Inside Orwell by Joseph Raffetto

Inside orwell by Joseph Raffetto

Who is George Orwell? That’s the question my novella “Inside Orwell attempts to answer. It’s a short piece, around 20,000 words, and covers the events Orwell writes about in Homage of Catalonia, but it intersperses important aspects of his life to give you a sense of how Orwell became Orwell.

A combination of narrative as well as historical fiction, Inside Orwell and Other Stories received excellent reviews: “This is a short and sweet collection of writing…” San Francisco Book Review. “The Fitzgerald and Orwell pieces are cohesive, focused, and absorbing….” Kirkus Reviews.

What might interest you about this writing sample is it fictionalizes the meeting between Henry Miller and Orwell, just before Orwell went off to fight in Spain. Miller is adamantly opposed to fighting in the Spanish Civil War, while Orwell is just the opposite. He always took a stand or position. Both handle their opposing views with humor.

You’ll also see the beginning of Orwell’s involvement in the Spanish Civil War.

I also explore some differences between F. Scott Fitzgerald and Orwell. I don’t know if I’ve see these two writer’s compared before, but it was fun to contrast their similarities and contrasts.

Below is the sample and the beginning of the novella “Inside Orwell” that’s included in the collection of stories Inside Orwell and Other Stories by Joseph Raffetto.

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Henry Miller’s smile burnished through his eyes more than his mouth. Beneath Miller’s Zen-like exterior, Orwell sensed the solitary writer, like himself.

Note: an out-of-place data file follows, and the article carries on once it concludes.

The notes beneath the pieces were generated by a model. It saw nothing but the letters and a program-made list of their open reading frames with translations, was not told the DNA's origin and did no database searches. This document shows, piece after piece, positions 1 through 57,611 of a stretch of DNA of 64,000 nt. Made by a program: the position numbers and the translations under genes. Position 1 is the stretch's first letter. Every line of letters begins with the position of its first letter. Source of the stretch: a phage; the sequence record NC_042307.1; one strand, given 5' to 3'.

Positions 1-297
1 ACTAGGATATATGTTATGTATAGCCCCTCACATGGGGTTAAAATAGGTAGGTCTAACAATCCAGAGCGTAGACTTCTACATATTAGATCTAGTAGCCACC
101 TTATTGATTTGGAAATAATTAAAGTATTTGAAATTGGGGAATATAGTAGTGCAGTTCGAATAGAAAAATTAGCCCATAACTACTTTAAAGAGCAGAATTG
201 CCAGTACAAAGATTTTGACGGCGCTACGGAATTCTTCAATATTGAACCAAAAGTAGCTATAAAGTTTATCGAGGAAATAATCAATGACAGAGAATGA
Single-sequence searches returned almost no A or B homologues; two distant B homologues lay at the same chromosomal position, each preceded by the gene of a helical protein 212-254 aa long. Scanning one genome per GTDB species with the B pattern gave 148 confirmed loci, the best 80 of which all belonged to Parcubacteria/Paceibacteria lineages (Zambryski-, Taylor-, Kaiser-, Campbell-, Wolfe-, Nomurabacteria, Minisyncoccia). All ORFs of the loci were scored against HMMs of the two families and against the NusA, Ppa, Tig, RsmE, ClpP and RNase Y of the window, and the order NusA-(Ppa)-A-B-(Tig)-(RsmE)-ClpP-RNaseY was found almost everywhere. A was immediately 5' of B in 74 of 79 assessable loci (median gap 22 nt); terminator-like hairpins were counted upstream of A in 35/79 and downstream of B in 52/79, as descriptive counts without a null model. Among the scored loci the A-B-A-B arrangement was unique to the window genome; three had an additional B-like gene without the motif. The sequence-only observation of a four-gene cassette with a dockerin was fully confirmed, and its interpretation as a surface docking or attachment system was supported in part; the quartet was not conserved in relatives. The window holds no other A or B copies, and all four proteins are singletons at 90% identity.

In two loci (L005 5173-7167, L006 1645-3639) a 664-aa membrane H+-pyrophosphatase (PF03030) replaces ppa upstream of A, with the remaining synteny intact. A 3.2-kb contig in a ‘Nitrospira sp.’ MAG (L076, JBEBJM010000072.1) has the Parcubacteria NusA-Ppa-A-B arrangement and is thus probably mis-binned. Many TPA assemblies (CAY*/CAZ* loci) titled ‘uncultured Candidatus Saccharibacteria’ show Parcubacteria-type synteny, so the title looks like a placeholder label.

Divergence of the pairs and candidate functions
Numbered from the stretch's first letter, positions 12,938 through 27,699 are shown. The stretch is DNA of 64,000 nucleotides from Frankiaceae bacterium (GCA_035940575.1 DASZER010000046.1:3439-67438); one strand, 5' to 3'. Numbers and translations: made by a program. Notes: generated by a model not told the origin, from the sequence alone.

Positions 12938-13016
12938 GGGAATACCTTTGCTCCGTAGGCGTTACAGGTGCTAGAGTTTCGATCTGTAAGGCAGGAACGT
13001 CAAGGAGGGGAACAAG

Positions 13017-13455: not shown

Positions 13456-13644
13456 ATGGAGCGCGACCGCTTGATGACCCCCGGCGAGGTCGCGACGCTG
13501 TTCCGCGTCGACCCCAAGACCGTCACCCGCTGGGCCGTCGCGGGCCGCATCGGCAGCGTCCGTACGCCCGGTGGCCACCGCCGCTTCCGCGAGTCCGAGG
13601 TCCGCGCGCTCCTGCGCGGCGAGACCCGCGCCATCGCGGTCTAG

“It doesn’t matter,” Miller said.

            “It matters a great deal to the Spanish people and to anyone interested in stopping Franco.”

            “Better to just surrender.” Miller tilted his cup of coffee toward Orwell. 

            Orwell smiled and made a sound in admiration of Miller’s brew. “After a military coup? You can’t just sit by and allow the Fascists to take over the world,” Orwell continued.

            “It doesn’t matter. Only sex and friends and good coffee matter. Let the fools fight about who has the biggest dick.”

            “So you take no stand against Hitler or Franco?”

            “None whatsoever.”

            “You’re a degenerate.”

            Miller laughed. 

            So did Orwell. 

            “To degenerates,” Miller toasted. “None of this madness is worth dying for.”

            “I’m on my way to fight for Spain now.”

            “You’re a damn idiot! You’re just going to get yourself killed.”

            “There’s nothing you wouldn’t fight and die for?”

            “Fuck no.”

            “You really are despicable.” Orwell laughed again. “You do have a point about fine coffee. This is magnificent.” 

            Miller refilled Orwell’s cup. “Let me give you a corduroy coat to wear in Spain. You’re going to need it.” Miller pulled a well-made and sturdy jacket out of his closet. It was not an insignificant gesture and gift. 

George Orwell was the complete opposite of Henry Miller. He was always in the thick of the battle. And he was uncompromisingly patriotic and British.